Yesterday morning, the Rangers signed winger Daniel Paille because, as Alain Vigneault put it, “he is a solid fourth line penalty killer and our penalty kill needs help.” It’s no surprise that the Rangers are struggling on the penalty kill, they 25th in the league with a 78.9% kill rate. This is a huge contrast from last year, when they were 6th in the league at 84.3% efficiency.
The only major difference from last year’s unit to this year’s is that Carl Hagelin is no longer with the team. As the second most used penalty killer, he was extremely efficient with Dominic Moore. They both had a CA/60 in the high-70s, at 76.98 for Moore and 78.60 for Hagelin. Those are excellent shots against rates. They aren’t the only ones to have solid Ca/60 rates on the PK either.
The above is a list of all forwards that played 50 minutes of PK time last year. Moore and Hagelin were clearly the best, but the middle three were posting solid numbers as well.
Compare that to this year’s players who have played 25 minutes of PK time (half a season so far, so half the minutes), and the results are ugly.
This is just terrible. While the Rangers certainly miss Haglein on the penalty kill, his impact wouldn’t have this great of an effect up and down the lineup. The biggest drop-off is Jesper Fast, who is seeing almost 20 more shots per 60 minutes. Dom Moore and Derek Stepan aren’t that far behind either.
Notably absent from this list is Oscar Lindberg, who didn’t qualify because of ice time. He’s under 25 minutes for the season on the PK. His CA/60: 67.81, by far the best on the team. He misses the cutoff by 4:30, so assume five more games and he will qualify for this list. By far their best penalty killer in terms of limiting shots against, not getting significant time.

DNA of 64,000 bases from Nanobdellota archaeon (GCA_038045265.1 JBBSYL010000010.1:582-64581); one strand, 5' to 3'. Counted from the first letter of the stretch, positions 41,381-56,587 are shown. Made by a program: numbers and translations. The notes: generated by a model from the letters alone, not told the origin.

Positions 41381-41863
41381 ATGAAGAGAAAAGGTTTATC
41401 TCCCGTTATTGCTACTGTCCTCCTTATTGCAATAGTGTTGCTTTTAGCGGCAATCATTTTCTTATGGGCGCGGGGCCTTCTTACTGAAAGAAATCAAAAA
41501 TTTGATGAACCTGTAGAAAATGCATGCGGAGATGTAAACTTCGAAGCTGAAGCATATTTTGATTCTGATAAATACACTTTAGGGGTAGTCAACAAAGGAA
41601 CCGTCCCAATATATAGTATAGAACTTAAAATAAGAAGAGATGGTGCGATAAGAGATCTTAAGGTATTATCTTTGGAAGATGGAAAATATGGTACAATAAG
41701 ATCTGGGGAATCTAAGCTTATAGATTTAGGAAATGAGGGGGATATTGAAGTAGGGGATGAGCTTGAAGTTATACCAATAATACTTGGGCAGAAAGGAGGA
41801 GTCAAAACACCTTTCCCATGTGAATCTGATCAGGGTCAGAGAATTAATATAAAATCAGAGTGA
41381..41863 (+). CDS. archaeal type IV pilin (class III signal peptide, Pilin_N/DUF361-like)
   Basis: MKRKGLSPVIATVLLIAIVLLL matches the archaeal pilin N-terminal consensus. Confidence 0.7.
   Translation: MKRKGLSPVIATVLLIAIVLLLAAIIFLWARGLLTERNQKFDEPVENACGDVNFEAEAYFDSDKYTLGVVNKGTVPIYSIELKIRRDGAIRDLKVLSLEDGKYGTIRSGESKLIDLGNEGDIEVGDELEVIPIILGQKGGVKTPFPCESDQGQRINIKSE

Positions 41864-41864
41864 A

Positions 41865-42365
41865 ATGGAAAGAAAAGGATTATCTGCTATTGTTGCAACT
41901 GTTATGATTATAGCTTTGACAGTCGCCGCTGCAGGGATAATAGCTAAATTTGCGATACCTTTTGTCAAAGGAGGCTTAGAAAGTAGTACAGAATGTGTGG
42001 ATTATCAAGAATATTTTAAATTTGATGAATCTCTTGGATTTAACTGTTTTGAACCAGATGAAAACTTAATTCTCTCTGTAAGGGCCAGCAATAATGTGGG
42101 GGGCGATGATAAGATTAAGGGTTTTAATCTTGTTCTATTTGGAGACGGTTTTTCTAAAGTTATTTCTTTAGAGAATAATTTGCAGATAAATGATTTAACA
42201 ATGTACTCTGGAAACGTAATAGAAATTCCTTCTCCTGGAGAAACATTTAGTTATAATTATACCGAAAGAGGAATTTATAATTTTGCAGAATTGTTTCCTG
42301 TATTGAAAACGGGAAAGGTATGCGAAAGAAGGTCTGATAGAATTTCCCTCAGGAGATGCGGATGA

Those are solid numbers for their top four penalty killers, minimum 100 minutes played on the PK.
Compare that to this year, and it’s a tire fire:
Obviously there is a huge drop-off for Dan Girardi and Ryan McDonagh here. Marc Staal and Kevin Klein have some drop-off, but it’s nowhere near as extreme. For comparison’s sake, Dylan McIlrath has played just 23:08 of PK time this season, and has a CA/60 of 83.00, the best on the club.
Identifying a cause from these tables is almost impossible. There are just too many factors at play, and they all likely have an impact. Moore is aging, and it’s been clear from the start of the season he isn’t the same. Girardi has been awful. McDonagh not far behind, especially when paired with Girardi. All of the forwards seem lost in coverages, specifically Fast.
The club seems to think Daniel Paille is their penalty kill savior. Last season he played 96:05 on the PK for Boston, putting up a 102.41 CA/60 in those minutes. Even Tanner Glass had better numbers. He’s not the answer.
If I had to take a guess, it’s that the diamond force PK that the Rangers run, which is aggressive by nature, may require too much skating for some players. We’ve established that Girardi has been struggling all year, and a more intensive skating system with fewer players on the ice doesn’t help. Same might be true for Moore. When one player has an issue, it has a ripple effect on everyone else on the ice.
Another aspect is that Alain Vigneault may not be playing his best penalty killers this season. The problem is that his best penalty killers in the past are not his best penalty killers today. There is little logic behind Lindberg getting so few minutes on the penalty kill. Ditto McIlrath.
There are multiple problems with the PK, so there is no “quick fix” so to speak. Playing the right players is a start, but perhaps it’s time to recognize that some of these guys may not be able to keep up in a diamond force PK. If that’s the case, a more conservative hybrid approach may benefit the club. Whatever they choose, they cannot go into the playoffs with a sub-80% penalty kill. It won’t end well."What is actually wrong with the Rangers penalty kill?",